Saturday, 28 February 2015

Luck and success in the indie business

Luck is an important part in the success or failure of any game studio. Why do some studios succeed while so many others never make a significant amount of money? Regardless of how good your theories are on what makes a successful business, you can never know for sure which games are going to be a hit. Games are entertainment and hit-driven and thus their success is inherently unpredictable. Luck cannot be controlled, but you can help it a bit by making the right choices. Looking at what many starting indies are doing right now, I think a lot of them don't think about luck enough. Here are some of my thoughts on the matter.

The success of a game is determined pretty much equally by three factors: the game, marketing and luck. Marketing and luck are just as important as the game you are making. If you do not market your game, then no one will know it and thus only a LOT of luck can make it a success. Similarly, if your game is not good enough, then it is also very unlikely to sell well.

While luck cannot be controlled, you can make such decisions that you need as little luck as possible. If you make an awesome game, do really good marketing and release it on the right platforms, then your chances are actually pretty good. But luck always remains a factor. Even the very best games can sometimes fail, and even the worst games sometimes become a hit. Anyone remember Psychonauts? It is considered a classic now, but sold hardly any copies at the time. On the other hand Flappy Bird was an enormous success, despite how crappy that game actually is.

When making your business decisions it is of course a good idea to look at what other companies are doing. What games sell, and why? However, it is a big mistake to attach too much importance to the outliers. Lots of people look at Minecraft and try to copy what it did, hoping to achieve similar success. But Minecraft is a one-in-a-million outlier. Of course Minecraft has some great mechanics, but it also required an enormous amount of luck to become that successful. The chances that you can achieve something even remotely similar are practically zero.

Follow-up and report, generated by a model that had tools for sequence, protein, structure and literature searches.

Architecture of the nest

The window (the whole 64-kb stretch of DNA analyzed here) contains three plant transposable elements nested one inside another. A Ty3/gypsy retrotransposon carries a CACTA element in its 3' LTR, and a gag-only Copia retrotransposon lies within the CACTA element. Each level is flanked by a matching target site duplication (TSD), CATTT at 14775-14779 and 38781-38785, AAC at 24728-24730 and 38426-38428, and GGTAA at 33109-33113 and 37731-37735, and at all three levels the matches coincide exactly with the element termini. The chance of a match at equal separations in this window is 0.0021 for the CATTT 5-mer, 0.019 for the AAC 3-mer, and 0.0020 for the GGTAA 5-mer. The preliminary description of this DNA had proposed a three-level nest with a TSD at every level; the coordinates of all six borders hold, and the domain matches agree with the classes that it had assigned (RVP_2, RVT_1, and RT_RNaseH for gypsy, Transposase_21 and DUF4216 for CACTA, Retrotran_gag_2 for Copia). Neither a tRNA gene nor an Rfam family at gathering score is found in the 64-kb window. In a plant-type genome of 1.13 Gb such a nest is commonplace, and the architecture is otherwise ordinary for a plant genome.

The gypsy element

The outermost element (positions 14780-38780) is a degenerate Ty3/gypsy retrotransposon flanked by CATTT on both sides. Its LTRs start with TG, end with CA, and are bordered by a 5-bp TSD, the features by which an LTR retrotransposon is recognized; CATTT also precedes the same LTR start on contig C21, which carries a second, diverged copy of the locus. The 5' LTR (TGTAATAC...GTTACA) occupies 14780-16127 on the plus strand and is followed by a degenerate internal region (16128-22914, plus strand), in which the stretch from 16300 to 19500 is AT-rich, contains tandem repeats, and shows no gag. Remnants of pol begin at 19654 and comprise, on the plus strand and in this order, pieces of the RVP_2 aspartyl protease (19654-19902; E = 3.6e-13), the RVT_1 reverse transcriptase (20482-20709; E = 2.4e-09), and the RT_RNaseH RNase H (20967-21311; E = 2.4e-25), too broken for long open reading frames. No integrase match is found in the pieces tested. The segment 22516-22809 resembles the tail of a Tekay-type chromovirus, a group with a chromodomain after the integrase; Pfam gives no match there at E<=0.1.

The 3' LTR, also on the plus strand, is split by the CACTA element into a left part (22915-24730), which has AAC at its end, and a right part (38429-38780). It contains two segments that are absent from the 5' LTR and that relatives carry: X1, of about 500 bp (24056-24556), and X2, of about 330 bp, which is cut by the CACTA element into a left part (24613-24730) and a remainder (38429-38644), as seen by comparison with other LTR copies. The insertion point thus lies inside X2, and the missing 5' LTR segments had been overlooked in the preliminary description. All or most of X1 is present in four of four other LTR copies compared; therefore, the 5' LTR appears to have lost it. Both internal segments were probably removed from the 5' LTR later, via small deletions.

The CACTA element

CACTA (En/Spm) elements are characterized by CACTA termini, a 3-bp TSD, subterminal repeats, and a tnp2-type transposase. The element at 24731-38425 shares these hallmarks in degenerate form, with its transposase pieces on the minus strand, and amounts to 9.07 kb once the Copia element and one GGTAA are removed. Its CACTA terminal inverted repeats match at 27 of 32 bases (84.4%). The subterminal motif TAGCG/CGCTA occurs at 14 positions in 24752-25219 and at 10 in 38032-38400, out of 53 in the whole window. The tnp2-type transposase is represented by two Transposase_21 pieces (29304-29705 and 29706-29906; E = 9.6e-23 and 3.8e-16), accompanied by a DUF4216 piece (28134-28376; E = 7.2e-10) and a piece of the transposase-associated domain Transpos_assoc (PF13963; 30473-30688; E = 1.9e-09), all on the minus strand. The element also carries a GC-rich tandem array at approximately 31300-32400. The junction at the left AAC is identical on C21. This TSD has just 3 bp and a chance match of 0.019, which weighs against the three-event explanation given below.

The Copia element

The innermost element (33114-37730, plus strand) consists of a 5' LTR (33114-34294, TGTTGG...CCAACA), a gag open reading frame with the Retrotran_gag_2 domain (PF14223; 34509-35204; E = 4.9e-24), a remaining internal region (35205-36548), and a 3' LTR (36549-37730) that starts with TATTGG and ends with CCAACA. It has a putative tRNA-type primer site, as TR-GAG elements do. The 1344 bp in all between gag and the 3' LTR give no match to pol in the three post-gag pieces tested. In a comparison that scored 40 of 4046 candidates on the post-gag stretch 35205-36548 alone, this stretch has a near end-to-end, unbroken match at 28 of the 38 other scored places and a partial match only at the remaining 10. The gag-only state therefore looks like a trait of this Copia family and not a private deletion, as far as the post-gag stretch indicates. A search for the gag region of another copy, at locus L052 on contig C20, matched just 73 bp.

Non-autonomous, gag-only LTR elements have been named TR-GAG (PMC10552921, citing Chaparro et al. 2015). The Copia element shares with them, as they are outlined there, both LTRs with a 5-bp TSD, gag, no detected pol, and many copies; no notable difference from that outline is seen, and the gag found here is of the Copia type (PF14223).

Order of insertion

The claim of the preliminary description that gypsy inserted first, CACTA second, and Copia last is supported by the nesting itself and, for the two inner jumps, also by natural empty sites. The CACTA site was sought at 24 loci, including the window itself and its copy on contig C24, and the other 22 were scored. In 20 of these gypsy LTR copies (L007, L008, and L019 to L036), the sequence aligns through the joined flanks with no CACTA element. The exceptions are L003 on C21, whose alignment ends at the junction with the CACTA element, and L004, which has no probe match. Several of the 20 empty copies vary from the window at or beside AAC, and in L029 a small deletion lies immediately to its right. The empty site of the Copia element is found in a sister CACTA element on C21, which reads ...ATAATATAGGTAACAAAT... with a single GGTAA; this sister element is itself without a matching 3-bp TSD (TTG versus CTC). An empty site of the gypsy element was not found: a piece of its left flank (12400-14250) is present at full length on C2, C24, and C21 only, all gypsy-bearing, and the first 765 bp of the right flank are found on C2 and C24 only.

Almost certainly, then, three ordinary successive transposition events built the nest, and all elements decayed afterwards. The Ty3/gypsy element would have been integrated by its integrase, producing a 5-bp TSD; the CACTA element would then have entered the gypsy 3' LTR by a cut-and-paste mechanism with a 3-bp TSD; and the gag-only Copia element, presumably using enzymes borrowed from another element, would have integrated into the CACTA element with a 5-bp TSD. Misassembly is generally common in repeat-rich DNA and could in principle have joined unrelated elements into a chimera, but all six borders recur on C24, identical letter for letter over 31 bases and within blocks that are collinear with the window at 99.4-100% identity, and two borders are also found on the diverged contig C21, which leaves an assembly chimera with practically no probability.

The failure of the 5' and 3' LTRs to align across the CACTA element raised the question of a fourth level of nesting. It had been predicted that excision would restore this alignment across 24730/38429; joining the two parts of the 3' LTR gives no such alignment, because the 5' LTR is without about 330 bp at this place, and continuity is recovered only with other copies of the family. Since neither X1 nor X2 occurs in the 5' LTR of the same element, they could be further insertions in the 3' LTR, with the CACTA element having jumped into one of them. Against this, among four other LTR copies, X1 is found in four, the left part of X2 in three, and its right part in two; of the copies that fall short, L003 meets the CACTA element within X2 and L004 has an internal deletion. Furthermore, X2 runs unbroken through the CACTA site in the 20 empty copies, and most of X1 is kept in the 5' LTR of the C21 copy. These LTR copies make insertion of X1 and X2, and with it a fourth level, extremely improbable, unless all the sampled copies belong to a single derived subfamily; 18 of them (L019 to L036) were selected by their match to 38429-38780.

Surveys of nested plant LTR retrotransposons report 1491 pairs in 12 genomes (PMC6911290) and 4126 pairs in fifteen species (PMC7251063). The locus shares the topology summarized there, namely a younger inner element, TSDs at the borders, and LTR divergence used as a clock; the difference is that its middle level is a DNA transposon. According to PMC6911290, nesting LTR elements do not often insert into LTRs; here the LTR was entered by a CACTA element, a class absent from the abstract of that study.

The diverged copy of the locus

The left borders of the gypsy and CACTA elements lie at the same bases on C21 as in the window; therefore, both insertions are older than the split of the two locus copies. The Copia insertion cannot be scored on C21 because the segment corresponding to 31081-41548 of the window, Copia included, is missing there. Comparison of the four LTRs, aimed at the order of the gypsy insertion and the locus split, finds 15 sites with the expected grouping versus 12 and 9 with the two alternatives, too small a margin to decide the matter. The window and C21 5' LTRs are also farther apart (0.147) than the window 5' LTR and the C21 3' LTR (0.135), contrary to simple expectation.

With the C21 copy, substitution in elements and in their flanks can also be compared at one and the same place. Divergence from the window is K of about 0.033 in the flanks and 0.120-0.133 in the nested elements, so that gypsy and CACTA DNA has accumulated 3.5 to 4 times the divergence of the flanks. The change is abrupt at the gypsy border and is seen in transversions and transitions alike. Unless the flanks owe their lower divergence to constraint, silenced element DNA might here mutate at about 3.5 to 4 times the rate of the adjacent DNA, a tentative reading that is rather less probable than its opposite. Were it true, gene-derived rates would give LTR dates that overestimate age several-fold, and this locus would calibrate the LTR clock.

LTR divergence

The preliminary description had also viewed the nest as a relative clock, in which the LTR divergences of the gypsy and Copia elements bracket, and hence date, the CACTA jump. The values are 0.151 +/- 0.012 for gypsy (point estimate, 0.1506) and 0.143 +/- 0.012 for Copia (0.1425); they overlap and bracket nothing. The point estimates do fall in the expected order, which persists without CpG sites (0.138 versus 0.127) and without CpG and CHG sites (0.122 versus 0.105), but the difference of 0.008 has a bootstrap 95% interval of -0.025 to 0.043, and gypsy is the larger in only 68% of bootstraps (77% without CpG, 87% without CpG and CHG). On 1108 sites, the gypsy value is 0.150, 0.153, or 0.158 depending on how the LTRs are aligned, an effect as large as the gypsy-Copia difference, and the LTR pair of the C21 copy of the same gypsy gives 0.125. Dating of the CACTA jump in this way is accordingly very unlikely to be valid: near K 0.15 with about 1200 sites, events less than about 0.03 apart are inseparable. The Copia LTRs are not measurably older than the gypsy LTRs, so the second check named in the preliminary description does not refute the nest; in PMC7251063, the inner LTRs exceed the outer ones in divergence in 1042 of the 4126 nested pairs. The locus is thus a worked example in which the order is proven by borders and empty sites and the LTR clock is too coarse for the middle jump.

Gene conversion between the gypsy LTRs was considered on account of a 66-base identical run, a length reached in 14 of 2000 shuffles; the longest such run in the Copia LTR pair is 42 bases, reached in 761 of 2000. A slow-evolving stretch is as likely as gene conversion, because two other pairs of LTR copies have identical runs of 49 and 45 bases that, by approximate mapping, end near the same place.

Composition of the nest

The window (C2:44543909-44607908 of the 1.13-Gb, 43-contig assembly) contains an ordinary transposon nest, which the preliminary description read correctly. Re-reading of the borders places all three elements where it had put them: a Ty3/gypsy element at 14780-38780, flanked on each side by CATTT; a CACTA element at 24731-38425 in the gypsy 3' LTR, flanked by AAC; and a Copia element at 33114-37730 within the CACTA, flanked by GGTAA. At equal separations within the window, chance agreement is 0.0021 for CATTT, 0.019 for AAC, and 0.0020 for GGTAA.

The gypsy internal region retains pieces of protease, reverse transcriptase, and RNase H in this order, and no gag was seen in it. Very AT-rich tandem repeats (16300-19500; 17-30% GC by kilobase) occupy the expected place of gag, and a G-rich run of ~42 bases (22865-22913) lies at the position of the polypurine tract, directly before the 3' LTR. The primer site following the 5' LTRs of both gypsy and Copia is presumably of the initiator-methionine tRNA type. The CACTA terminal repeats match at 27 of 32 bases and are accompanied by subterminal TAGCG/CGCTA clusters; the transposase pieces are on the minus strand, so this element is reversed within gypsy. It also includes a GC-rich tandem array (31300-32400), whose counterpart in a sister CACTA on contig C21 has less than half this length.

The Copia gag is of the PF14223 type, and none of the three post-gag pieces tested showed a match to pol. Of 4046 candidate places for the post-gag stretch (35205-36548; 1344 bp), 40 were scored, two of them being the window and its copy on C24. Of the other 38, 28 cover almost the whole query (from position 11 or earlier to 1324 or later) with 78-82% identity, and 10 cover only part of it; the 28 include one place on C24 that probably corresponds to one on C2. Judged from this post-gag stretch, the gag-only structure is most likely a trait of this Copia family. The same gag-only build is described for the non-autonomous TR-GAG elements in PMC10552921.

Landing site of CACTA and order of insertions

The same goes for Angry Birds and Candy Crush. It is not because of great talent that these games became such huge successes: they are well-made for sure, but there are tons of other games of similar type and quality that somehow did not become such hits. Before Angry Birds and Candy Crush became a success, there was no way anyone could have guessed that these would be the titles to become such big hits.

A strategy some studios use is to not make one big game, but instead make lots of small games and then hope one of those becomes as successful as Angry Birds. The reasoning behind this strategy seems to make sense: every game you release is a roll of the dice. Releasing more games gets you more rolls of the dice, increasing your chance at success.

I do not believe this really works. I think a single really good game has a much bigger chance at becoming a success than dozens of lesser games combined. Of course it is impossible to prove a theory like this, but I believe that a better game has an enormously larger chance of becoming a hit. If you can raise your game's quality from a 7 to an 8, or from an 8 to a 9, then you stand a much, much, much better chance. If you can somehow make a game that scores a 9.5 on Metacritic, then you can be almost certain it will sell like crazy. Even then you can never be sure though!